On my walk home tonight, Fripp and Eno’s “Lyra” from “The Equatorial Stars” came up. An interesting series of events occurred: my first reaction was to consider this album perfectly useless. I found there was a profound lack of interest in it, a lack of gems to mine. Actually, the piece before it was “Altair” from the same album, and I would have to say that my opinion on that one holds.
However, shortly after hearing the word “useless” in my mind, a guitar line from Fripp shifted my feeling – amidst the rather static bounce of the background, Fripp plays an incredibly warm phrase. Warm as in humanly warm, affectionate, sensual. For an instant, I found myself anthropomorphizing the sense of what it would mean to be a star, in particular a “female” one. My mind suddenly cast back to reading “Whipping Star” and “The Dosadi Experiment” by Frank Herbert, where stars were given quite distinct personalities and voices (hello Fanny Mae).
Then, a more rational voice kicked in saying this was ridiculous: stars don’t have human attributes. If, and it’s a big if, they have anything approaching a consciousness it would certainly be vastly beyond what a human being is capable of even beginning to imagine.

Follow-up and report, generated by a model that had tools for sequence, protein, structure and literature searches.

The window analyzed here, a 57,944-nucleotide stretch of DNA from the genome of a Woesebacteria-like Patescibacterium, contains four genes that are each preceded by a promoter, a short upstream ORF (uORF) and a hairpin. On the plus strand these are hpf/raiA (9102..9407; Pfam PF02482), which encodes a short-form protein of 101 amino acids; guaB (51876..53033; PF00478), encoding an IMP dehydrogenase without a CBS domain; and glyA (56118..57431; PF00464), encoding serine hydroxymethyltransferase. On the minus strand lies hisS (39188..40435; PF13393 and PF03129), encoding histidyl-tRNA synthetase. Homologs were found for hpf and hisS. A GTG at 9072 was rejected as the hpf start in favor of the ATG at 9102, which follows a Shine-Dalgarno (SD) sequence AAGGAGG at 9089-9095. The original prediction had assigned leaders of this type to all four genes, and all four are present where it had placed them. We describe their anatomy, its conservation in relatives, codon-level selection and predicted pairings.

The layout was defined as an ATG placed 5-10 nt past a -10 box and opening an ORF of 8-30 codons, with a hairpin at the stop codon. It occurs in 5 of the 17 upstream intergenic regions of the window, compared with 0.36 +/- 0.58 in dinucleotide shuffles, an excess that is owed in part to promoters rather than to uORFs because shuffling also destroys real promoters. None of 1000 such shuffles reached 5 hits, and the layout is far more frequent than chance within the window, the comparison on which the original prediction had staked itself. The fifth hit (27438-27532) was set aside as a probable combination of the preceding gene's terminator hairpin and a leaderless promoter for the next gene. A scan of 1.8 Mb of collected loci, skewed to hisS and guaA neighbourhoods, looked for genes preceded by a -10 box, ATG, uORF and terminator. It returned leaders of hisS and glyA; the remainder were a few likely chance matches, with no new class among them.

And then, a third voice: in this thought experiment, there was a quantizing that happened through the music and my feeling. I might use a word like “blueberry” to describe a flavour in a wine whose flavour is highly complex and ultimately quite unspeakable. And yet, the “blueberry” description performs a service from the point of view of allowing the surface analytical self to create a handle on the experience.
On one hand, this is counter-productive – I’ve spoken before about the quantizing of real experience by language. Certain schools of contemplation heavily discourage the naming of experiences.
On the other hand, this music was also quantizing the imaginary consciousness of a star, a consciousness I couldn’t possibly contain in any real sense, and yet the music allowed me to wordlessly explore the inner experience. More importantly, it allowed me to do so in a way that words could not: directly affectionately, warmly, sensually.
This, for me, is the great value in music. It is also the great value of so-called “ambient” music. Whereas much music allows the listener to explore the emotional spaces involved in the human experience, ambient music invites a broader range of experience: what would it be like to be a star, to be wind, to be a scientific concept, to be just a vibration in space. It is an invitation that I have always welcomed, if sometimes with lazy resistance and judgement, and always come out the richer for.